However, Nichiprochik's problems speak to a larger concern. He described G2A as, effectively, "eBay for game keys" - a venue where gamers who have acquired unwanted keys through, for example, game bundles can sell them on for a mutually beneficial low price. Nichiprochik has no obvious issue with that basic concept, but, he said, "this business model is fundamentally flawed and facilitates a black market economy." In short - and there's more detail in the original article - keys are being acquired through bundles and official resellers with stolen credit-cards and resold through G2A, only for the reseller or developer to be hit with a chargeback.

"G2A claims that our distribution partners are scamming us and simply selling keys on G2A"

Tinybuild's own nascent store, "collapsed when we started to get hit by chargebacks. I'd start seeing thousands of transactions, and our payment provider would shut us down within days. Moments later you'd see G2A being populated by cheap keys of games we had just sold on our shop."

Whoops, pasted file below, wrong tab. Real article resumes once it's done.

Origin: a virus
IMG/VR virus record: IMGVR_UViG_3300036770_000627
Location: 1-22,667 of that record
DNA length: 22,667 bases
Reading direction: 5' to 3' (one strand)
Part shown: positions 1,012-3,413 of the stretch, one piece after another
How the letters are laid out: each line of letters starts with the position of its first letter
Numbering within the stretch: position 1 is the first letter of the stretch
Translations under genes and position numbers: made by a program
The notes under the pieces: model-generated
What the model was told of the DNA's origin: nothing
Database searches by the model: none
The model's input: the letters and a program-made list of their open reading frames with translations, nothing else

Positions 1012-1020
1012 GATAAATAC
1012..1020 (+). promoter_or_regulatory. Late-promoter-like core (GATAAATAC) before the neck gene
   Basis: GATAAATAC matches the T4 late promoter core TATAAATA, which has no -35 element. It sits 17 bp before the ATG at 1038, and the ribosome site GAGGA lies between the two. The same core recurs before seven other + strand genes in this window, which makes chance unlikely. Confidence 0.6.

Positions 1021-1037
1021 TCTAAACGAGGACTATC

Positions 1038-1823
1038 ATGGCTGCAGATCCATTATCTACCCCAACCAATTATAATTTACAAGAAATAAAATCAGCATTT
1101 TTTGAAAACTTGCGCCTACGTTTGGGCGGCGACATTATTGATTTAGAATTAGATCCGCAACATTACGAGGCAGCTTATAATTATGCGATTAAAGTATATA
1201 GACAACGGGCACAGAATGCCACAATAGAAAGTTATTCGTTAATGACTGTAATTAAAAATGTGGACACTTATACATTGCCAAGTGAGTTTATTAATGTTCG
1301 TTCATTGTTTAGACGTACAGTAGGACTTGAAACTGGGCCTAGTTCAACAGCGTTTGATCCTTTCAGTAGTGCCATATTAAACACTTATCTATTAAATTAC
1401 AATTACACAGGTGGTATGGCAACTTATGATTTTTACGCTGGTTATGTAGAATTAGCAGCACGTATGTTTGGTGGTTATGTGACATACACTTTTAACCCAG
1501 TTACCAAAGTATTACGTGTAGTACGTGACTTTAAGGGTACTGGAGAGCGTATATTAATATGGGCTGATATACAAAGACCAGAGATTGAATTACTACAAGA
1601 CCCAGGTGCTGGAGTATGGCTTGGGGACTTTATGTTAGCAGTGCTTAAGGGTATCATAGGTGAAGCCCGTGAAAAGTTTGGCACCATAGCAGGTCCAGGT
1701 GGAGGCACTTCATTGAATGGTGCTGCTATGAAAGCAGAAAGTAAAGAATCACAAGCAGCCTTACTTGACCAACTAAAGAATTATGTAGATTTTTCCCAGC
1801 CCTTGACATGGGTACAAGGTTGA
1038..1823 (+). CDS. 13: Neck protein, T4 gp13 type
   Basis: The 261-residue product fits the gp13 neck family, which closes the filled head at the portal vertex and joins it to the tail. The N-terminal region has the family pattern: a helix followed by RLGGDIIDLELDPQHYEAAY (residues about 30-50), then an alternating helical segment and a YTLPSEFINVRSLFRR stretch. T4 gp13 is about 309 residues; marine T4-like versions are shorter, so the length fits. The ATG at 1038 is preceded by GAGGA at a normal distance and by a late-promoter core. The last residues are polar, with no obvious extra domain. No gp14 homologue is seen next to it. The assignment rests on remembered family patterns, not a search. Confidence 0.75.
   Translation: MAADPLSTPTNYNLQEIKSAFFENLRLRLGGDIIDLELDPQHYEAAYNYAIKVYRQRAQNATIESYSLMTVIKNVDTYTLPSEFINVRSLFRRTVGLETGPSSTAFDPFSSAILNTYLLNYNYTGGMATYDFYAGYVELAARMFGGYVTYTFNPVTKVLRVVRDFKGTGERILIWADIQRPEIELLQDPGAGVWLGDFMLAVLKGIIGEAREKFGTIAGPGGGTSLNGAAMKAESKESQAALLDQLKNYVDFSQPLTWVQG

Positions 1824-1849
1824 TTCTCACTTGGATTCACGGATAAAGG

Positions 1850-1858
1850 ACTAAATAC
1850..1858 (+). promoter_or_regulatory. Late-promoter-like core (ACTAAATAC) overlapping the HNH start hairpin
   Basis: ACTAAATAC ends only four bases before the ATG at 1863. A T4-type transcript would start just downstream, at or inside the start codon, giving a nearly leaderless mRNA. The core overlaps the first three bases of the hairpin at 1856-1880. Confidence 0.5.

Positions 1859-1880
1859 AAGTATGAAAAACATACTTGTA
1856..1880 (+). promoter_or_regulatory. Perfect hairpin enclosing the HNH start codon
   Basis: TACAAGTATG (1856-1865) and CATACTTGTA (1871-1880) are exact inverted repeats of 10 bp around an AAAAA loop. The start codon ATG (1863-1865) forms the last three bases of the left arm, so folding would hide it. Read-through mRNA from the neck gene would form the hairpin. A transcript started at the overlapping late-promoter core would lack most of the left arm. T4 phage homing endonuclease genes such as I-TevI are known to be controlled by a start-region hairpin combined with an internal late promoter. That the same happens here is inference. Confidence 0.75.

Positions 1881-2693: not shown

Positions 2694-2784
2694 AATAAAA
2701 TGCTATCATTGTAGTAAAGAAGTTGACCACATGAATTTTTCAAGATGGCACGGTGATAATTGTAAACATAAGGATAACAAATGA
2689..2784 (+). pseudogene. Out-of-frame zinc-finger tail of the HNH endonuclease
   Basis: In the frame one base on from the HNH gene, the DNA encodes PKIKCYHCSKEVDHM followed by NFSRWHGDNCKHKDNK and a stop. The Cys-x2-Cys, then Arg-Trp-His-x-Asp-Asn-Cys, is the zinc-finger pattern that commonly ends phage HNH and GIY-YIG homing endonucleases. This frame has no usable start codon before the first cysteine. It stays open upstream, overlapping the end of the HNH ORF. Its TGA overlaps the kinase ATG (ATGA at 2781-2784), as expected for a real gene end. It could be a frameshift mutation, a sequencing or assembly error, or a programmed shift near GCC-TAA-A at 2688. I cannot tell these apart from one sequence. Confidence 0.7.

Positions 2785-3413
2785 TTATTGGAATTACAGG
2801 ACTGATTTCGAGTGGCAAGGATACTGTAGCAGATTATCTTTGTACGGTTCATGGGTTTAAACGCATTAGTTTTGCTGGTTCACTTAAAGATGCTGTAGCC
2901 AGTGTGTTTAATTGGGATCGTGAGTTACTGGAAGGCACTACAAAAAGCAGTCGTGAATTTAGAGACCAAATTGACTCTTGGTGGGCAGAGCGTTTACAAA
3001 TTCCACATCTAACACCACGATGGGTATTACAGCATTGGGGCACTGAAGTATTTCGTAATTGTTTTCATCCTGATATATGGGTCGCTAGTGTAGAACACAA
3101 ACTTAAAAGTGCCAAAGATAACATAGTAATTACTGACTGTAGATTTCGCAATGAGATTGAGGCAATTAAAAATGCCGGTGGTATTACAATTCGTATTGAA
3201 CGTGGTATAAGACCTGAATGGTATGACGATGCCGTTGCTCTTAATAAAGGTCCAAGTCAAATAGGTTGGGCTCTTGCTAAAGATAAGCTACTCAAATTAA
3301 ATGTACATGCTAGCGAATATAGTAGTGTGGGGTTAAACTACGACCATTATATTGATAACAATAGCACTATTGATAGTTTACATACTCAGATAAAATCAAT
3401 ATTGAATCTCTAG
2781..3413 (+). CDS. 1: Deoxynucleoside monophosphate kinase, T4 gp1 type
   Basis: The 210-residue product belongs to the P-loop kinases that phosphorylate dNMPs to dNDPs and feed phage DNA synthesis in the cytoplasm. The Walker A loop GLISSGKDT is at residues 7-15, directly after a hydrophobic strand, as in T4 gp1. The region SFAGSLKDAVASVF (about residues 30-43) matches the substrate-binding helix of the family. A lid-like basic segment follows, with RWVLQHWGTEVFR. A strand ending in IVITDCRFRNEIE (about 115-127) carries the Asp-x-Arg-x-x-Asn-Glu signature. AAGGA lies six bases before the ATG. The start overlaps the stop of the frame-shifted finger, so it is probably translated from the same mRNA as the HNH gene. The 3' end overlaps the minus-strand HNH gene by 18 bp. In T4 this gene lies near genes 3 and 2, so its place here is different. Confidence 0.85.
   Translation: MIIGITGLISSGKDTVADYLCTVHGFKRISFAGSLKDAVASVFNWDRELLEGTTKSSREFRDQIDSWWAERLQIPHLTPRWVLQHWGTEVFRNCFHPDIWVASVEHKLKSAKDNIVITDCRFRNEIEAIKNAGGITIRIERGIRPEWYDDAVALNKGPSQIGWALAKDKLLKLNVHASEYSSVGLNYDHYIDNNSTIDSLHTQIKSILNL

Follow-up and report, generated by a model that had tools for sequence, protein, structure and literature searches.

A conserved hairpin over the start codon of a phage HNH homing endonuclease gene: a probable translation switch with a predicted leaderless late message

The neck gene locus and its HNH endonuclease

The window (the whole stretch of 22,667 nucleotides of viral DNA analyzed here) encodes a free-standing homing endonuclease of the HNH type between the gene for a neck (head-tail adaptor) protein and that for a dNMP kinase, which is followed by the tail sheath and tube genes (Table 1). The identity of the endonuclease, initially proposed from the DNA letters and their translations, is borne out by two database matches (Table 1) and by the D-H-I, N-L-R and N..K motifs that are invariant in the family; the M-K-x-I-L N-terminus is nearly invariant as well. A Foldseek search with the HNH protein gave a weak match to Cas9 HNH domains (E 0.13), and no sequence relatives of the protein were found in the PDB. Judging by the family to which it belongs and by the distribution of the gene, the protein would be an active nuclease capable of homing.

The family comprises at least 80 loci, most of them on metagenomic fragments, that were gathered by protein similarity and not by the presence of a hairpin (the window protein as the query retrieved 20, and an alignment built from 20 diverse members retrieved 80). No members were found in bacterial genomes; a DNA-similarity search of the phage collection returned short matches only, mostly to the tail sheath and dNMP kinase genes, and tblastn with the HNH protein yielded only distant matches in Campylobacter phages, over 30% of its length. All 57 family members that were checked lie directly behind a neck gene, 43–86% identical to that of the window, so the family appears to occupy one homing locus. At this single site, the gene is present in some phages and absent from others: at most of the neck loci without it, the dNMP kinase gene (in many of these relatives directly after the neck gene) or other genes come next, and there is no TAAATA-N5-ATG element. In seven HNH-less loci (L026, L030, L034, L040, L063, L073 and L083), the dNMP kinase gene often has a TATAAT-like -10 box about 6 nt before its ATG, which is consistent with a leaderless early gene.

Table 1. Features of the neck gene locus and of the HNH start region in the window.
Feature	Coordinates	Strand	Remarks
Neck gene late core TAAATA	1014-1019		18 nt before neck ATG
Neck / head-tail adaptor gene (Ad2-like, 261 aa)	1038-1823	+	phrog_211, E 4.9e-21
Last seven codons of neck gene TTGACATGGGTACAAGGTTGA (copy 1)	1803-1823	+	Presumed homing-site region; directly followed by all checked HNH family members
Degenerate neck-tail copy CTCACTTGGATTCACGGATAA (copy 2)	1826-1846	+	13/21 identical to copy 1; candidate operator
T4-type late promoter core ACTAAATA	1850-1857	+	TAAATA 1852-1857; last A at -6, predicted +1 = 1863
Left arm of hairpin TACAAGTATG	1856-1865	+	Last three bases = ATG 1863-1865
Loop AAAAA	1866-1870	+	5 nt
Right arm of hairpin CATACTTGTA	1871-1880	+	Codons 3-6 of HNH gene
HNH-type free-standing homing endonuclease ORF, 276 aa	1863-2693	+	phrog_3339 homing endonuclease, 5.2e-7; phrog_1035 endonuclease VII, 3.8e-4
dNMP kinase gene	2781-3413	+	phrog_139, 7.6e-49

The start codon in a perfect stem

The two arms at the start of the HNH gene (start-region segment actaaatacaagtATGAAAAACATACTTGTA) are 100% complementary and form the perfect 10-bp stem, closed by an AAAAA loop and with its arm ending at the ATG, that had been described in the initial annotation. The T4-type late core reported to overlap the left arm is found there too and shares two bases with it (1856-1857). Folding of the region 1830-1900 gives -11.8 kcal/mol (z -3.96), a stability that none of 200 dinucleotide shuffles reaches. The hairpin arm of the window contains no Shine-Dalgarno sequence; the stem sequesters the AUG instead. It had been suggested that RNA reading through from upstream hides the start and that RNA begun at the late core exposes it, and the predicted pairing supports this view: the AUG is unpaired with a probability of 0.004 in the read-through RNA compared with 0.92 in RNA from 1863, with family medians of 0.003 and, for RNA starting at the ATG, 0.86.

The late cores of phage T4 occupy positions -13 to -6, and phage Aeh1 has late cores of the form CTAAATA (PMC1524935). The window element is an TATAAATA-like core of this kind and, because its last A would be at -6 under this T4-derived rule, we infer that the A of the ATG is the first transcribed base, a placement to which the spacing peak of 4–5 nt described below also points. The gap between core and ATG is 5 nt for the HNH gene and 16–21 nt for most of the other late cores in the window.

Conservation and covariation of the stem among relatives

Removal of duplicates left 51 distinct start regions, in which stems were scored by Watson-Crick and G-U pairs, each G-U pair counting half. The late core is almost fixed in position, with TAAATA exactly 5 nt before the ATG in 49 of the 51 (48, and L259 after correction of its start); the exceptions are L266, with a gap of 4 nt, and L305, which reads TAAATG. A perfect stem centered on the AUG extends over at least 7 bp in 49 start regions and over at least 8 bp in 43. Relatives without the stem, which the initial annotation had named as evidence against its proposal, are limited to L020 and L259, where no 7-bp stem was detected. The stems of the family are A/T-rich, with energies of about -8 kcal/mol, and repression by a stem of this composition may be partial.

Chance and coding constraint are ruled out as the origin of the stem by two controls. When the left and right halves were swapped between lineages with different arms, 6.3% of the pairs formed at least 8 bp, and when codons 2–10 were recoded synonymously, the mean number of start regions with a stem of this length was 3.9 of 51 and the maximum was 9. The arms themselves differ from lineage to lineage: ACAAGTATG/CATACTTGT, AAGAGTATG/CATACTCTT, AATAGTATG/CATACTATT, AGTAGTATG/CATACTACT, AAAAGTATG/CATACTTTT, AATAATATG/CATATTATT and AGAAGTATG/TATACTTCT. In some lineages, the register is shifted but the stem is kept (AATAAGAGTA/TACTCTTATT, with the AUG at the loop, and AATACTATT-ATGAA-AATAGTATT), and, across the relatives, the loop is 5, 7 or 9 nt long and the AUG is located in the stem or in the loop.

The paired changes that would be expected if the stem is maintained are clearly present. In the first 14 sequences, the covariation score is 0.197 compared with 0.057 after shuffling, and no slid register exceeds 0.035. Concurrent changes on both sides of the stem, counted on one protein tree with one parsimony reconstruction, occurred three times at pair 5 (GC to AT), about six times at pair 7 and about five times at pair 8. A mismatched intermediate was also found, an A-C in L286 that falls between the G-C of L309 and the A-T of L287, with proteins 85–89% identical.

When Nichiporchik approached G2A about the source of, and compensation for, the $450,000 (retail value) in games sold on its marketplace, the responsibility was shifted to Tinybuild's official partners.

"In short, G2A claims that our distribution partners are scamming us and simply selling keys on G2A. They won't help us unless we are willing to work with them. We are not going to get compensated, and they expect us to undercut our own retail partners (and Steam!) to compete with the unauthorised resellers.

"There's no real way to know which keys leaked or not, and deactivating full batches of game keys would make a ton of fans angry, be it keys bought from official sellers or not. Make your own conclusions."

In October last year, G2A was banned by Riot Games from sponsoring professional League of Legends teams and players. According to Riot, G2A was involved in selling third-party products that violated its rules and terms of service.

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Matthew Handrahan avatar
Matthew Handrahan: Matthew Handrahan joined GamesIndustry in 2011, bringing long-form feature-writing experience to the team as well as a deep understanding of the video game development business. He previously spent more than five years at award-winning magazine gamesTM.